Russell Maliphant Company
Still Current: Still, Traces, Afterlight, Two, Still Current
London, Sadler’s Wells
5 June 2014
Gallery of pictures by Foteini Christofilopoulou
Russell Maliphant’s Still Current programme at Sadler’s Wells includes three newly created works from him alongside two of his established and successful solo pieces. Maliphant’s Two has been something of a calling card for Sylvie Guillem, and his Afterlight (Part 1) has also toured extensively. Maliphant’s latest offerings hence compete against some of his own greatest hits. Mostly the new stand up very well, with Michael Hulls’ mesmerising lighting as ever an integral part of the experience. There is a sense of confidence about the company, an impression that Maliphant has here found collaborators, composers and performers who fit his needs perfectly and enable him to realise his particular vision. It’s a short programme but packed with memorable images, and brilliantly executed.
Maliphant’s movement is drawn from a variety of sources, with elements of contemporary dance, popping, martial arts, and even traces of his classical training blended together. The company’s resources are modest but this becomes a virtue. There are just four performers. There is no set. The lighting design is paramount in constructing the environment for the dancers. The pieces tend to be short, not outstaying their welcome. Often they are slow to build. Movement is repeated and examined scrupulously from different angles. Sometimes the works accelerate to reach a frantic finale. The music is recorded and loud enough to feel the floor vibrate.
Maliphant himself dances in two of the new works. His performance here makes a great case for the older dancer. His strength and speed seem undiminished at 52, and his forceful and enigmatic stage presence is powerful.
The programme opens with the new work, Still. Dickson Mbi appears alone, trapped, caught under the bars of light supplied by Michael Hulls. Armand Amar provides an intensely percussive accompaniment. Mbi’s movement is at first slow and contained. The lighting flashes on and off, the bars move, illuminating his body at different angles to give a sense of movement even when he is standing still. Are these prison bars? Is he trapped there? Later the bars of light push forward or back as if propelling the performers on some conveyor belt, or marking the rolling passage of time.
Dickson Mbi’s dance background in popping is exploited here. He is a huge presence, carved from a solid block of teak. Later he is joined by the slender figure of Carys Staton, more like a lithe silver birch moved by the wind. It’s always said that the same moves never look the same when performed by different dancers and this is certainly illustrated here. The two negotiate spaces around each other getting closer and closer at increasing speed but never actually meet.
Traces is for three men, to music from Andy Cowton, a long-time Maliphant collaborator. This isn’t the strongest of the new works, but still shows us just how the mood and dynamic of a piece can suddenly shift through the simplest means. Thomasin Gulgec enters carrying a stick which he whirls and stabs with in an almost whimsical way. The tone changes completely when Maliphant enters, also wielding a stick. There’s a definite sense of confrontation, aided by Maliphant’s shaven head and intense stare. You wouldn’t like to meet him down a dark alley. He wields his stick as a weapon. The piece has a strong martial arts flavour and the whirling of the sticks registers as blurs in Michael Hulls’ lighting. The dynamic changes again with the entrance of Mbi in a red T-shirt like Maliphant’s. Now we have two against one. This might at any moment turn nasty but in fact becomes more collaborative.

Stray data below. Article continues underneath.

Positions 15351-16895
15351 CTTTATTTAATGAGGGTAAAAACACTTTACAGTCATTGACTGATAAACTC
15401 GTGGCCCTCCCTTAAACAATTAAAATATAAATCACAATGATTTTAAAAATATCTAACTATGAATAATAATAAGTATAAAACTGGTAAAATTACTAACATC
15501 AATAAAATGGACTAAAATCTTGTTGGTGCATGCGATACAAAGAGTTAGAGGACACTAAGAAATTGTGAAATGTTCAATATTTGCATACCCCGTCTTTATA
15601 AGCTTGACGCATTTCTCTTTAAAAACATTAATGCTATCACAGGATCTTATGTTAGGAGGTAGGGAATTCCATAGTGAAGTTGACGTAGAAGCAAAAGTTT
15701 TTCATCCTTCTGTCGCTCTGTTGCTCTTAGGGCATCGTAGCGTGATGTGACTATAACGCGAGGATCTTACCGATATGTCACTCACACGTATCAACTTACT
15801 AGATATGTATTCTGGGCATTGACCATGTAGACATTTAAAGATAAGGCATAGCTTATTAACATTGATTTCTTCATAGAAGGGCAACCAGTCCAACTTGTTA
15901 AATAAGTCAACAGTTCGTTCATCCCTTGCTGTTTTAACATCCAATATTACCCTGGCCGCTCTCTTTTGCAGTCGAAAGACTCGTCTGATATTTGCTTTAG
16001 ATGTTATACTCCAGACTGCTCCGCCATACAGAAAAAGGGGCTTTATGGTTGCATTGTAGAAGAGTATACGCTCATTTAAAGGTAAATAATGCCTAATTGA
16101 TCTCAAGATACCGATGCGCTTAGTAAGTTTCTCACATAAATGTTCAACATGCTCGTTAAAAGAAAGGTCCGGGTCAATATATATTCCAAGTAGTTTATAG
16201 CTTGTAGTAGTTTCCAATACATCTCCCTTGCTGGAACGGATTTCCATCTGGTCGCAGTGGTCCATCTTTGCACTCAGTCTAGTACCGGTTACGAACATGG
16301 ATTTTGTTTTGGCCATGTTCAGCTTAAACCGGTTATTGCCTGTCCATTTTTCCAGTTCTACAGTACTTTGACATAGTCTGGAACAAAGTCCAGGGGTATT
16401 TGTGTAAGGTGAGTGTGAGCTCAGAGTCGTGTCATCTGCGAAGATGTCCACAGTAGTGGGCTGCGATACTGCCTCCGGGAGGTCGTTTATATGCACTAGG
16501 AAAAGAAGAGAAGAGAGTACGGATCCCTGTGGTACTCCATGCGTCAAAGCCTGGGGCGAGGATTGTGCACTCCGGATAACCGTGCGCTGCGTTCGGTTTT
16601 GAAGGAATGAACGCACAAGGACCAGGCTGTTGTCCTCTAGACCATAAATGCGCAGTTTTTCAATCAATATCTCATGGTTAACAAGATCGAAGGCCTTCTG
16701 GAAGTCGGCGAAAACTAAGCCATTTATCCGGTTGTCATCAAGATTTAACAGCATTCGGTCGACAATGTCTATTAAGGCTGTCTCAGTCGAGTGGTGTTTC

Still Current was the final item on the programme, a duet for Maliphant and Carys Staton. It was only in this that we saw extended sections of partnering. Maliphant may be limbering up here for his performances this summer with Sylvie Guillem in their programme Push at the Coliseum.
The soundtrack here is from Mukul, very loud and full of violence. At times there was a suggestion in it of machine gun fire or helicopter noise. The floor was painted with a light effect that might have been camouflage. The movement in the initial section is subject to sudden blackouts. The effect is of snatched moments of intimacy during wartime. There was a reticent and affecting tenderness here, a quality not in ample supply in much contemporary dance, and to be treasured. Maliphant and Staton supported each other and propped each other up. She slipped over his shoulders and he wound her up and around him with no apparent effort.
The two older works on the programme got fine interpretations from performers new to me in these roles. Carys Staton was locked into the small square of light in Two; fingers flashing through the slabs of light become like fireflies. This was a strong and popular closer to the first half of the programme.
Afterlight was created in 2009, originally made for Sadler’s In the Spirit of Diaghilev programme, and based on the drawings, full of curves and whirls, made by Nijinsky when he had stopped dancing and was in an asylum. It isset to the spare tones of Satie. This was a great performance from Gulgec with extraordinary control and smoothness of execution. All the components here fit brilliantly together to give a sense of Nijinsky’s disordered mind. These are embodied in the extraordinary animation and lighting of boiling clouds beneath his feet. He leaps from fragment to fragment of these as his tenuous grasp on reality diminishes and they slowly drain away beneath him, to leave him penned in a shrinking net of light and then ultimately darkness.